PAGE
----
Collected data were directly transferred into a spreadsheet (Microsoft Excel® for Mac, 2011, Microsoft Corporation, USA), pseudonymised, and verified independently by a second investigator. This was followed by a descriptive analysis of quantities and percentages, as well as a linear regression analysis and comparison of means (ANOVA) using SPSS (SPSS Statistics 22, IBM Corporation, Armonk, NY, USA).

Results

During the study period a total of 102 patient handovers were observed. Five handovers had to be excluded afterwards due to incomplete records. Thus, a total of 97 handovers were included in the study. Patient characteristics are shown in Table 1.

Table 1 Patients’ characteristics

The average duration of the handover was 2:26 min (range 0:15 min to 8:40 min). In 34 % of the observed cases the patient handover was interrupted at least once. Interruptions were caused by handling the patient in 52 %, by phone calls in 42 %, and by other reasons in 6 % of all included cases.

73 % of all handovers were conducted by resident physicians, 25 % by anesthesiology specialists, and one (1 %) handover was conducted by a senior physician and a caregiver, respectively. Recipients of all handovers were the ICU-physician and ICU nurse. Surgeons were not present.

The results of the handover observations are presented in Figs. 1, 2 and 3. Results are presented as a percentage of correct and completely transferred patient data.

Fig. 1
figure1

Percentage of the preoperative data documented and correctly verbally communicated during handover, n = observed number of cases ASA: American Society of Anesthesiologists

Fig. 2
figure2

Percentage of the pre-existing diseases documented and correctly verbally communicated during handover, n = observed number of cases; CHD: Coronary Heart Disease; PONV: postoperative nausea and vomiting; TIA: transient ischemic attack; GCS: Glasgow Coma Scale; COPD: chronic obstructive pulmonary disease

Regarding pre-operative information, the patient name was verbalized in 72 % of all cases and the age in 36 %. Primary diseases were transferred completely in 23 % of the cases (Fig. 1). Previous medication and allergies were communicated in 6 % and 42 %, respectively (Fig. 2). In 50 % of the cases, the infectious status of the patient was mentioned. Concerning the specific medical history, the data transferred correctly varies in a wide range between 0 % (chronic obstructive pulmonary disease [COPD]) to 100 % (Parkinson Disease, liver diseases, musculoskeletal disorder). In addition, it was noticeable that the long term medical history was rarely communicated (6 %), although data were available in the file in 63 % of all cases. Even the ASA-Score was mentioned only in 1 % of all cases.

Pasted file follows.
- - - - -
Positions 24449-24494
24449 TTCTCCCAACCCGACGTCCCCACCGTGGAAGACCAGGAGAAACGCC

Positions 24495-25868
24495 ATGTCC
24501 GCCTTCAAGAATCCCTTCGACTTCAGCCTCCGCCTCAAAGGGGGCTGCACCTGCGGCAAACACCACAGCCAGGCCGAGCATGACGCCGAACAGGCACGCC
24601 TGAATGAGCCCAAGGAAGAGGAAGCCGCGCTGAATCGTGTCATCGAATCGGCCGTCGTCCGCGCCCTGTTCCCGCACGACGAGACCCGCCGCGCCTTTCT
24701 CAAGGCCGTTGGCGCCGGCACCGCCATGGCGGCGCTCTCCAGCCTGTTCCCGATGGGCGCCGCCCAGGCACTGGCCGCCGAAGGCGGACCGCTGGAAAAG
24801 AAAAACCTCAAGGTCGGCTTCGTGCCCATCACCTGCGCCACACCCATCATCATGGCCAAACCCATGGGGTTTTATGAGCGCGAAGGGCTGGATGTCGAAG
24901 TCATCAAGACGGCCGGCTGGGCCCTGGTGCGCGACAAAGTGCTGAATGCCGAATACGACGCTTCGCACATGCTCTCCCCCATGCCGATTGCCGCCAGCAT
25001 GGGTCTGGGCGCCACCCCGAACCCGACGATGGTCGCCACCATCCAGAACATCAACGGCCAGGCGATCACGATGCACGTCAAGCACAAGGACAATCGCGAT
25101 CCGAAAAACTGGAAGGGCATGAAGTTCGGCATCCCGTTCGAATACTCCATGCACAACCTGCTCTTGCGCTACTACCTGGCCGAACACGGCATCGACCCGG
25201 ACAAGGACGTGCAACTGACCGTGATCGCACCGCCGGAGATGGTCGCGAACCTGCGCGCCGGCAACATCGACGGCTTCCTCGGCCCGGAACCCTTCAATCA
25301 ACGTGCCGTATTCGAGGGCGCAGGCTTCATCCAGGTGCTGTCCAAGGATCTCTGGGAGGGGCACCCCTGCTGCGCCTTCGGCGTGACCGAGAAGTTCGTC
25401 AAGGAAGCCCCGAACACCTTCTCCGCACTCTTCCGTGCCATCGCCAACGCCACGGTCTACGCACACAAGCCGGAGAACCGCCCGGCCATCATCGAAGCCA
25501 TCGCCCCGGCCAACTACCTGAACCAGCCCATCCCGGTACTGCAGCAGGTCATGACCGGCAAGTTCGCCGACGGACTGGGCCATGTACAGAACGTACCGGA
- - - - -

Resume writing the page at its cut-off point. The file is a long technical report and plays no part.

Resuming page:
Fig. 3
figure3

Percentage of the intra-operative data documented and correctly verbally communicated during handover, n = observed number of cases; ECG: electrocardiogram; PiCCO: Pulse Contour Cardiac Output

Regarding intra-operative data (Fig. 3), information about the surgical procedure was ransferred correctly in 82 % of all cases. Though, in three cases (3 %) the transferred surgical details differed from the procedure that was documented in the patients’ chart. The type of anesthesia and airway management was communicated only in 15 % and 20 % of the cases, respectively. In contrast, information about intra-operative blood product administration was regularly mentioned (96 %).

The results of the post-operative data revealed that the rate of complete and correct information transfer was no more than 50 % over all four items. Pain therapy and diagnostics were communicated in 38 % and 41 % of all cases, respectively. Whereas special aspects were mentioned in 50 %, and information about drains were communicated least often (33 %).